Last week, Jim Nudera sat in the stands and watched his son play football. He was a normal father cheering on his oldest of four children, Jim Jr., as the senior quarterback tried to lead York High School to a playoff victory.
“I was just a regular father watching his son play football,” he remembered, “and it was a great feeling.”
Such moments have either been rare or nonexistent over the years for Nudera, who decided enough was enough last week and resigned as OPRF High School’s head football coach after 12 seasons and a 41-69 record. Nudera cited the need to explore other opportunities and to spend more time with his family as the main reasons for his decision. He said he will continue to work as a teacher in the high school’s Driver and Physical Education programs.
“A tremendous amount of emotion went into this decision,” said Nudera, who noted that he’s been on the sidelines of football games since 1970 when he was a pee-wee player himself. “If you’re a football coach then you have to be committed to the profession. I missed out on a lot of things. It’s time to come home now and finish that project I told my wife I would finish three or so years ago.”
Nudera said he and his family took a trip out east last spring when the discussion about moving on came up. “We’ve been in two different places for too long, splitting time here and there and going in too many directions. It really wears on you. My wife and I decided that it was just time.”
Nudera wouldn’t confirm or deny a rumor he was leaving OPRF to take a coaching position at the University of Chicago, a Division III school where his son Jim Jr. may be headed to play. “I’m not for certain what awaits me down the road, and right now Jim Jr. is focused on playing football for York High School,” he said.
It’s safe to say that in the last 12 years there have been more downs than ups for the OPRF football program. In the dozen-year span, the team appeared in the playoffs three times — losing in the first round every time — and racked up nine losing seasons. The Huskies won no more than three games during eight of those 12 seasons. When it came to West Suburban (Silver) Conference play, OPRF earned just 18 victories in 72 games. At the onset of this season, the team had garnered a No. 21 ranking in the state but finished 2-7 overall and was winless (0-6) against conference competition.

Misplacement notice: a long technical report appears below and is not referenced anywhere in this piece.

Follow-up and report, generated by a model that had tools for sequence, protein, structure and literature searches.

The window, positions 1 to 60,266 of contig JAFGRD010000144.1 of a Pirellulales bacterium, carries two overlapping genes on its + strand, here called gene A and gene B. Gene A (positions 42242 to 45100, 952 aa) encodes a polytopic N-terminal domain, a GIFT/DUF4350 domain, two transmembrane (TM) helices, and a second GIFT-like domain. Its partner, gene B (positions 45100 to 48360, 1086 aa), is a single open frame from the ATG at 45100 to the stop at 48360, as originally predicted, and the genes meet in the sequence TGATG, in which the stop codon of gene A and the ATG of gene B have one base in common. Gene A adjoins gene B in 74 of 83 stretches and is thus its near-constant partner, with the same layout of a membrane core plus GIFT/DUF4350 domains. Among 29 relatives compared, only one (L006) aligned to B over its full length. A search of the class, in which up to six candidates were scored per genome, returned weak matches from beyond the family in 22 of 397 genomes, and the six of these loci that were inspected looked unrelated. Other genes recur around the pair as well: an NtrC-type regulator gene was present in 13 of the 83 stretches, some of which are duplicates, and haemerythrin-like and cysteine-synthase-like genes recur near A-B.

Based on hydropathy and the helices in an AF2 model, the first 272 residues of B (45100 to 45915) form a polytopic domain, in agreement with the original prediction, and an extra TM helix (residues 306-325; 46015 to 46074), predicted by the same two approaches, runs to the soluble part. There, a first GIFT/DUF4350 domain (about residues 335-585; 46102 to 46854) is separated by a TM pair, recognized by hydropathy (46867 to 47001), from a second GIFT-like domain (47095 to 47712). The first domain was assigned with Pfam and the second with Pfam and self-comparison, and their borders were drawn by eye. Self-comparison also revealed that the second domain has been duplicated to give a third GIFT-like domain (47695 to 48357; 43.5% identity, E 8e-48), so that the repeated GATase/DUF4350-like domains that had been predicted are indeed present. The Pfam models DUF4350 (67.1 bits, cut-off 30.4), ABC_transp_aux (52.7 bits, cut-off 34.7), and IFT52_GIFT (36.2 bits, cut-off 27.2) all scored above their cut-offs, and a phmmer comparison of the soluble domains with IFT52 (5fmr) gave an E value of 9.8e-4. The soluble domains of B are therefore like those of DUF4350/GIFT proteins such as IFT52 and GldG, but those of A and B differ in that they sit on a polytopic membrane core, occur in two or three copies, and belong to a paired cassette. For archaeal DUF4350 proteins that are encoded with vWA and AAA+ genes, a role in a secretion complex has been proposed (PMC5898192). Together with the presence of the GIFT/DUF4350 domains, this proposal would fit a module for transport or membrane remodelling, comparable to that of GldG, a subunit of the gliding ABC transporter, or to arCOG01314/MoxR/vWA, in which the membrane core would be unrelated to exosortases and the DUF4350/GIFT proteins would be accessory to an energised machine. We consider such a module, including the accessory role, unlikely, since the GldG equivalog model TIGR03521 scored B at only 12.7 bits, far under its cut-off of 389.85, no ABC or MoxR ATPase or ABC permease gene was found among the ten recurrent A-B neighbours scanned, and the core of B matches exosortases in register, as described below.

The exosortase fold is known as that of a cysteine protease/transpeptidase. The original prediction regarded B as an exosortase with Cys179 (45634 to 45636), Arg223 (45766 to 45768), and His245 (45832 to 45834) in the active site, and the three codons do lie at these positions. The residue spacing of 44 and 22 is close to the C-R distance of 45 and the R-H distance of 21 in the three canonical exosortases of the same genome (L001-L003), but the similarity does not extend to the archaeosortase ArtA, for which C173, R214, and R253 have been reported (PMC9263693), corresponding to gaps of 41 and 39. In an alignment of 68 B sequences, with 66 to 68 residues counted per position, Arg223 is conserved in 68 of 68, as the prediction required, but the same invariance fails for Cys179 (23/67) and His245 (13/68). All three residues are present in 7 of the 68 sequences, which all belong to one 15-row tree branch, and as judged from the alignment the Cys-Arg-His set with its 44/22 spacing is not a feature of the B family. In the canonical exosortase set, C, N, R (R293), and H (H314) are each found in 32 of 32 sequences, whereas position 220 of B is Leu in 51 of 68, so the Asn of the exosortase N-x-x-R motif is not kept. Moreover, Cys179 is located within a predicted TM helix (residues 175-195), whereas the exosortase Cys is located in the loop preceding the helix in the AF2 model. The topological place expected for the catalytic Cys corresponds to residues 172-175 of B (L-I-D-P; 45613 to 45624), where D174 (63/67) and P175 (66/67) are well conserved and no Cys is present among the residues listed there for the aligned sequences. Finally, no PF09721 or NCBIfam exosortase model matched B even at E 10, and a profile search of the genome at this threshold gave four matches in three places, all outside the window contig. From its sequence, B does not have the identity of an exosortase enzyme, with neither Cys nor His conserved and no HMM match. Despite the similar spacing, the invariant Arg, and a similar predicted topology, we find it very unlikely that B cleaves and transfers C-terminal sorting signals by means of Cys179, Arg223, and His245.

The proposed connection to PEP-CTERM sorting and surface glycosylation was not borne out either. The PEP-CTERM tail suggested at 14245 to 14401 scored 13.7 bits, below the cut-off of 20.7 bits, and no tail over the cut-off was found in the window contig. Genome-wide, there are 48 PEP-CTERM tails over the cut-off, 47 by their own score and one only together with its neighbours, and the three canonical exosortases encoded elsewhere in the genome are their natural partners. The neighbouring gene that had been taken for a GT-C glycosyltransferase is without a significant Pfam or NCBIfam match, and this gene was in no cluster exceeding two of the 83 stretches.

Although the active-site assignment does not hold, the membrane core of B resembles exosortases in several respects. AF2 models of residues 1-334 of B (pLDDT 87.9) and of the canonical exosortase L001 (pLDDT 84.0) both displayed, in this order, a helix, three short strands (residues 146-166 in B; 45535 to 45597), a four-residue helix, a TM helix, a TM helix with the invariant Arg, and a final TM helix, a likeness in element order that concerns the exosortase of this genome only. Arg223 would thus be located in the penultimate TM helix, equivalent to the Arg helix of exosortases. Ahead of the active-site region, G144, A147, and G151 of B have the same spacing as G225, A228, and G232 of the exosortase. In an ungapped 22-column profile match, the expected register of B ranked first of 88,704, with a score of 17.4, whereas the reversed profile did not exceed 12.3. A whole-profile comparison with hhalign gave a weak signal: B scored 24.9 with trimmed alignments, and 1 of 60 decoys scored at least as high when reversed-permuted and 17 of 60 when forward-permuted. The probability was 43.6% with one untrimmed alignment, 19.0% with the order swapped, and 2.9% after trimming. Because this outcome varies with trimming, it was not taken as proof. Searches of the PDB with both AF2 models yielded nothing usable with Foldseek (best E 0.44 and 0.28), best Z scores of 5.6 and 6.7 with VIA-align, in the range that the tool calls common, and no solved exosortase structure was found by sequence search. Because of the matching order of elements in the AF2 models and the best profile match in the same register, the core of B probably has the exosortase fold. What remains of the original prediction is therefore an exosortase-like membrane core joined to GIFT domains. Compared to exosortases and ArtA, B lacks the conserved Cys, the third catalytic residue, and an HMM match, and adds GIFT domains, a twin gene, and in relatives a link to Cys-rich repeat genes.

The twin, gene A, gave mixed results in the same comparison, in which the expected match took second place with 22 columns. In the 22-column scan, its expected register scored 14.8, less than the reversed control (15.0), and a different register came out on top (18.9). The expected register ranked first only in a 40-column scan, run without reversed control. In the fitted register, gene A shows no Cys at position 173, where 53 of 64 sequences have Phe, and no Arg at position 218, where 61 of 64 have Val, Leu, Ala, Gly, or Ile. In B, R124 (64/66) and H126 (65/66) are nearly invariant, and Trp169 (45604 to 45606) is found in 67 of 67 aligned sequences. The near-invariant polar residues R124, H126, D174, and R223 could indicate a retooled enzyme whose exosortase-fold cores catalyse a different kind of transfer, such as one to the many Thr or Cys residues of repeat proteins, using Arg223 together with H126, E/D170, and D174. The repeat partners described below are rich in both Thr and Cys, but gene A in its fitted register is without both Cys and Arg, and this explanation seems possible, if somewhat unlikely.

What the win-loss records don’t show is a coach dedicated to his program. Nudera, who also spent time as a head football coach at Elgin, Marist and Prospect high schools, as well as at Fenwick for wrestling, has gained respect and admiration from other coaches and administrators.
“Nobody can say Jim Nudera didn’t give 100-percent every day of the year to better the OPRF football program,” said John Stelzer, who has been OPRF’s athletics director for the last four years and with the athletics department for seven. “For a variety of reasons it just didn’t work out as he had planned and I think he realizes that. His integrity and passion will truly be missed.”
In 1999, Nudera came into OPRF with just two returning starters — Tim Steffen and Jay Addis — but the year before the Huskies had won the conference championship. While no conference title was obtained during Nudera’s time, the Huskies did make the playoffs in back-to-back seasons (2005, ’06). Wins over Lyons Township and Hinsdale Central during those seasons, Nudera said he’ll remember the most from his 12 years on the job.
“Hinsdale Central was ranked third in 2005 and we beat them 10-7,” he said while acknowledging a photo of the game up in his office. “That’s a game I will never forget.”
Nudera also won’t soon forget the game in which his Huskies faced his son and York earlier this season. Despite losing 36-14 to the Dukes, the game was a family event. Nudera and members of his family met Jim Jr. and his sister Brailey, a cheerleader at York, at midfield for the coin toss before the game. “That one won’t be forgotten either,” said Nudera.
Stelzer met with OPRF Principal Nathaniel Rouse on Monday to begin the process of finding a replacement for Nudera.
“We’re going to look for someone who would be a good fit for this school and this community, aside from having the obvious football knowledge, that goes without saying,” said Stelzer, who added that promoting a coach from within the program is a possibility.
“We certainly want to do our due diligence with in-house candidates,” he said. “There are a few potential candidates in the building and there’s a commitment from the district to promote from within, but having said that we want to find the best possible person for this program and won’t limit ourselves in that regard.”